OKLAHOMA CITY – Legislation intended to improve the tools prosecutors have to address repeat drunk drivers was approved Monday by the Oklahoma House of Representatives.
House Bill 3146, by state Rep. Mike Sanders, creates the Impaired Driving Elimination Act (IDEA) and prohibits municipal prosecution of driving under the influence, unless a municipality has a municipal court of record.
“Repeat drunk drivers are often flying under the radar, according to the Oklahoma Highway Patrol and District Attorneys Council,” said Sanders, R-Kingfisher. “These drivers, who warrant felony-level prosecutions under current statute, often receive misdemeanor convictions because their records are incomplete. This is because 354 municipal courts that deal with a large volume of DUI arrests are not ‘courts of record.’ My legislation eliminates that loophole through which repeat drunk drivers are escaping the consequences of their actions. This was a bipartisan bill. I worked with colleagues on both sides of the aisle to end this black eye on our state. This is not a Republican issue or a Democratic issue. This is an Oklahoma issue.”
The measure directs the Commissioner of Public Safety to create a statewide impaired driver database with the assistance of the Office of Management and Enterprise Services.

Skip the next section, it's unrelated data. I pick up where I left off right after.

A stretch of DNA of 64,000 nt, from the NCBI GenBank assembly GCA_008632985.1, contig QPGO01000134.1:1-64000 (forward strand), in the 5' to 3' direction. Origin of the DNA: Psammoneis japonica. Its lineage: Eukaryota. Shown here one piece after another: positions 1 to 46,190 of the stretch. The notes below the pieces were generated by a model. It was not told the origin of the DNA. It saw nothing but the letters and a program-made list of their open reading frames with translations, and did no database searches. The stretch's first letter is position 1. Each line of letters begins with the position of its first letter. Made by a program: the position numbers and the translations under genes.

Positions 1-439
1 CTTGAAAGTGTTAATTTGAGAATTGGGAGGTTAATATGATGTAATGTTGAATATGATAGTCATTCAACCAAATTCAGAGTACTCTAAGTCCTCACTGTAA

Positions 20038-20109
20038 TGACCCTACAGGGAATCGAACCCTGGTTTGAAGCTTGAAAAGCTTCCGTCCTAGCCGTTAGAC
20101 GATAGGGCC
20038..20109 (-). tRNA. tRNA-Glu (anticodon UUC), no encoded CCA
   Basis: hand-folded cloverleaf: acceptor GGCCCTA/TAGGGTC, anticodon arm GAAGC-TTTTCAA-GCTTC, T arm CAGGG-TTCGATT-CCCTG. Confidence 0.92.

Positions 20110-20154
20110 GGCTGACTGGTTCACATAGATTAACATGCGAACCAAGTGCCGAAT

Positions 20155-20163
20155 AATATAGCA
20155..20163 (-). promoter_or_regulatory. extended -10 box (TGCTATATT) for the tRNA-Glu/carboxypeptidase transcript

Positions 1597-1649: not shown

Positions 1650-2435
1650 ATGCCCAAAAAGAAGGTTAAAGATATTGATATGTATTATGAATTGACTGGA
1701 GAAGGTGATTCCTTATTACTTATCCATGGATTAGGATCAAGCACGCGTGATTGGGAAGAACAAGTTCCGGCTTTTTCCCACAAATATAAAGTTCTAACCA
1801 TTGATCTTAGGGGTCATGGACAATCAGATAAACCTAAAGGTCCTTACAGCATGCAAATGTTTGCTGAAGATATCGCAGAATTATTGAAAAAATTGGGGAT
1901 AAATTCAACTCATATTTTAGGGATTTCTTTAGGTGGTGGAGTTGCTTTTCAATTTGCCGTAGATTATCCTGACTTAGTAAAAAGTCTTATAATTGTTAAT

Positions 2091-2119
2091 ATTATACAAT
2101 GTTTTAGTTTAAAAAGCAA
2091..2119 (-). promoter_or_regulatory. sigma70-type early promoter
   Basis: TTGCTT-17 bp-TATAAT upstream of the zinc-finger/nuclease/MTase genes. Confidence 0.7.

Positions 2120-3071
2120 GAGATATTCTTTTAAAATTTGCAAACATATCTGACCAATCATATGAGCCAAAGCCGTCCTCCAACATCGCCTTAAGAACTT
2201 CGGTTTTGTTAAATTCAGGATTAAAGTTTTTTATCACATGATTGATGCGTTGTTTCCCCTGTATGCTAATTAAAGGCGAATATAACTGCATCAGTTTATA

According to the National Highway Traffic Safety Administration, in 2010 Oklahoma ranked as the 46th worst state for impaired driving deaths and the 51st (including states and territories) for improvement over the previous 10-year period (NHTSA, 2012).
According to the Oklahoma Highway Safety Office, there are 354 municipal courts that are not “courts of record,” 77 district courts of record and two municipal courts of record in Oklahoma.
Several legislators praised the legislation.
“Drunk driving is one of the biggest threats to Oklahoma families as they drive on our roads,” said state Rep. Biggs, former prosecutor and R-Chickasha. “As a former prosecutor, I know how important it is that we catch repeat drunk drivers and get them off our roads.”
“It is hard to overstate what a victory this is for public safety,” said state Rep. Mark McCullough, R-Sapulpa. “Thousands of DUIs are falling through the cracks for use in subsequent prosecutions, severely endangering public safety. This idea to stop it has been floating around the Capitol for a while. Congratulations to Representative Sanders for leading the Herculean corroboration that got it past its first hurdle.”
“Repeat drunk drivers are individuals who are dangerous to the rest of us and who are unlikely to reform their ways without intervention,” said state Rep. David Derby, R-Owasso. “We badly need to close this loophole in the system and get these individuals off the road.”
“This is the most significant advancement made in recent history in making our streets and highways safer from drunk or impaired drivers,” said state Rep. Ben Loring, D-Miami. “It closes a huge gaping hole in the area of public safety. I hope the Senate and governor will agree. Representative Sanders deserves a lot of credit. This will save lives.”
The legislation was approved by a vote of 82-5 and now proceeds to the Oklahoma Senate for consideration.
House Approves Bill to Improve Prosecution of Repeat Drunk Drivers
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